Friday, January 8, 2010
Chapter 1 - Exercise 4
So, Exercise 4 has quite a bit of reading... I'm actually going to go back through this once more and make sure I really understand all of this - there's a lot of math and equations, but fortunately it's fairly simple stuff - no Calculus or balancing of chemical equations.
I guess this is as good a time as any to remind my readers that I'm not going to always be going over the reading material or necessarily summarizing it - I'm more interested in documenting the experiment and hands-on stuff. That said, I'll probably still discuss the theory stuff here and there because there is some stuff that I either don't get (right away) or just need to write down to cement it in my head.
So, the first thing I'll share with you here is my taking apart of a potentiometer. Just grabbed a pair of needlenose and pulled up 4 metal tabs. Easy enough. And a closer look under the hood shows me how this thing kind of works... you can see the little "bump" in the metal wire under the rotating knob and how it rubs against the metal ring-thingy... (Sorry to get really complicated and throw a lot of techno-babble at you.)
So, after putting it back together, I rigged up the handful of connections described and starting on page 19. If you missed my earlier post, I was only able to grab a 5k potentiometer instead of the 2k mentioned in the book - this just means I can crank up way more resistance with mine.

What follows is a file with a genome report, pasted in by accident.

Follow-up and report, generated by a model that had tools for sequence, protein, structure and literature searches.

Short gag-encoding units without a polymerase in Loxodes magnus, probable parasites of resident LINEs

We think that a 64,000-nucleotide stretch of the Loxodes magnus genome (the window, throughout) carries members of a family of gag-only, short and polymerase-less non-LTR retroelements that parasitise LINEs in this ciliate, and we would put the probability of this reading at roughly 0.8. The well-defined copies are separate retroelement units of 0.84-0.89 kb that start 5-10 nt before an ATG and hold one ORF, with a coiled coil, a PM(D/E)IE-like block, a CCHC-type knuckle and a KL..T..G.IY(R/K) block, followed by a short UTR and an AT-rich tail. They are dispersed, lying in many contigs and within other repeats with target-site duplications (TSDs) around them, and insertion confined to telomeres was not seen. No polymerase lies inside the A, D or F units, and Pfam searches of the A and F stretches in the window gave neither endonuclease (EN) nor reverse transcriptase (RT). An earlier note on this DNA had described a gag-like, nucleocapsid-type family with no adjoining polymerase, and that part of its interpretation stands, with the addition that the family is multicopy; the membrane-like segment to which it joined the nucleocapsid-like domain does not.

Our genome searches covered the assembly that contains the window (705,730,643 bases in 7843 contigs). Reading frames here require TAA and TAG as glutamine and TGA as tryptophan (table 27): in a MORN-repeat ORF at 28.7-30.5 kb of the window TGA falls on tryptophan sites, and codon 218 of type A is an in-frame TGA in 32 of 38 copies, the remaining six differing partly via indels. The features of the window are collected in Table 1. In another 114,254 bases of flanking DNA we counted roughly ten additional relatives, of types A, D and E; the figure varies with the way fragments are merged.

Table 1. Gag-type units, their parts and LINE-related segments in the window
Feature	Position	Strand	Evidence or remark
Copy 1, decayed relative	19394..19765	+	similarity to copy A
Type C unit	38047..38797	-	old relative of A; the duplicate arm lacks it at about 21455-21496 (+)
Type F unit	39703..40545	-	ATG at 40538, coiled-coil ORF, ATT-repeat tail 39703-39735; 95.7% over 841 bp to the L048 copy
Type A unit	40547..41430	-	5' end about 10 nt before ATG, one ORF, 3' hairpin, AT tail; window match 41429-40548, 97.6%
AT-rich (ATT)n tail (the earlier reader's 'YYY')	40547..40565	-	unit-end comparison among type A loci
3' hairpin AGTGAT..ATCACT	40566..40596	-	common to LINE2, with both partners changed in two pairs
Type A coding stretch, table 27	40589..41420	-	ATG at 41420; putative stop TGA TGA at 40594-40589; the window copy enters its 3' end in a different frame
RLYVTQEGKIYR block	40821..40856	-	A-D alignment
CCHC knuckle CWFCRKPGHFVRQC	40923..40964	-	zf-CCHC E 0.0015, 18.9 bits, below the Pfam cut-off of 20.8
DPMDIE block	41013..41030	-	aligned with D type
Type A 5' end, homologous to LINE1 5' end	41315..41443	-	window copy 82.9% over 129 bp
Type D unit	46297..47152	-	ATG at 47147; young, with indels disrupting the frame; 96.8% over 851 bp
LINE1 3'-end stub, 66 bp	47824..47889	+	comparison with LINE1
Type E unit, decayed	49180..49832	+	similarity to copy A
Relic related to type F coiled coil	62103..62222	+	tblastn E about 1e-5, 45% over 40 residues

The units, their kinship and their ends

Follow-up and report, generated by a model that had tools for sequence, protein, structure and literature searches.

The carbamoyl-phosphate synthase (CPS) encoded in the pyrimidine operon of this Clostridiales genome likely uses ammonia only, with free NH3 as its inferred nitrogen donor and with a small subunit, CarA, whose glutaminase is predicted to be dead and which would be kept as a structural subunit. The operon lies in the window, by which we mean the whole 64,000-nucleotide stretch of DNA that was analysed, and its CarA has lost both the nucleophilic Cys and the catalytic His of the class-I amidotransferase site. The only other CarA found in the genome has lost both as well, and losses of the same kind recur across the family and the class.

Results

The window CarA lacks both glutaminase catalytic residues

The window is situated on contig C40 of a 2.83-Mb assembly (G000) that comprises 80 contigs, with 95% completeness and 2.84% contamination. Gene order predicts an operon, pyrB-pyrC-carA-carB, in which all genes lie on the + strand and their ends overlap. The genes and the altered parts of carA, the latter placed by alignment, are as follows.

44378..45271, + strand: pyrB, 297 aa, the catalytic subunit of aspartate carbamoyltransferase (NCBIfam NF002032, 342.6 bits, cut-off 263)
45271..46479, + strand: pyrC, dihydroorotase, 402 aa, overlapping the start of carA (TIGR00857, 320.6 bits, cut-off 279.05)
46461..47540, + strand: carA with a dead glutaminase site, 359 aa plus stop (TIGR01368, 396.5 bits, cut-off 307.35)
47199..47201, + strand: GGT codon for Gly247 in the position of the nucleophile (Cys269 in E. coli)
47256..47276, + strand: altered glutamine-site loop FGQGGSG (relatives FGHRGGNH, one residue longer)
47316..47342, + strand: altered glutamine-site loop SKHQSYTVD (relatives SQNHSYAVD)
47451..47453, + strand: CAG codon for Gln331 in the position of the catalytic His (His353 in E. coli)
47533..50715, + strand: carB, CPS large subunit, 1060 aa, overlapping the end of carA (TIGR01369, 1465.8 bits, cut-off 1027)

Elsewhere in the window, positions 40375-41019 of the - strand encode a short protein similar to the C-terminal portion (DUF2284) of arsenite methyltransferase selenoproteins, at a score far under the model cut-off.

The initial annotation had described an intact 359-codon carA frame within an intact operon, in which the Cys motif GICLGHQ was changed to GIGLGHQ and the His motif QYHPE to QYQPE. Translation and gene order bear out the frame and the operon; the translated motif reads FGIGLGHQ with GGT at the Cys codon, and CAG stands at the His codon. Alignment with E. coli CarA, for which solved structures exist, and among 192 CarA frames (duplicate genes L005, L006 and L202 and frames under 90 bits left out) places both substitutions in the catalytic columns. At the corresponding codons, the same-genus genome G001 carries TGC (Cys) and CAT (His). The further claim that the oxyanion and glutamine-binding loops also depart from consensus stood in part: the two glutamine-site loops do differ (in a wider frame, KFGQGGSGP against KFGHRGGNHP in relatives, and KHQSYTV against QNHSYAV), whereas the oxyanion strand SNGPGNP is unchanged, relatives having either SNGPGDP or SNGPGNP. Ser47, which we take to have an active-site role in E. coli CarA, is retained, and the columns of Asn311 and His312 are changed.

After hooking it up to a yellow LED, I got a little bit of light... then rotating the potentiometer's knob clockwise, the LED got brighter. Very cool - less resistance means brighter LED.
I did test this with my multimeter at the two different areas mentioned on page 21 - and you can see in my pictures that my voltage is about 6.4v - add up the voltage measured at the LED and then at the potentiometer and I'm getting a fairly accurate reading. (The author tells you why there's some slight variations in readings... did you catch that?)
Next, I hooked in my multimeter to measure amperage. Even with the gator clips, it can be a bit tricky to connect a wire to a probe. And taking measurements at the two different spots, I got the same value. Not a surprise as that's exactly what I was expecting.
And finally, I took two 1k resistors and measured their resistance in series and parallel (page 25) - this isn't an actual experiment that's shown, but I highly encourage you to do it - see my photos for how I clipped the resistors together (in series and in parallel). As you can see from the two photos, resistance is exactly as expected (2k for series and 500ohms for parallel).
The rest of the pages for Exercise 4 focus on some math, but don't ignore it. We finally learn about wattage, how to read a data sheet (and understand why you can burn out one LED but maybe not another similar looking one), why our tongue didn't burn off back in Experiment 1, and, my favorite, how to do the math to figure out the proper resistor to put into an LED circuit.
I know I said I'd be covering Exercise 5 today, but you'll have to forgive me... a slight dusting of snow today caused schools to be canceled (crazy - we Southerners just don't know how to drive in snow/sleet/ice) and I wasn't able to get to the grocery store while watching my toddler son. Grocery store, you ask? Well, you either don't have the book or haven't peeked ahead to Exercise 5. No worries - I'll try to get Exercise 5 written up and posted by Sunday.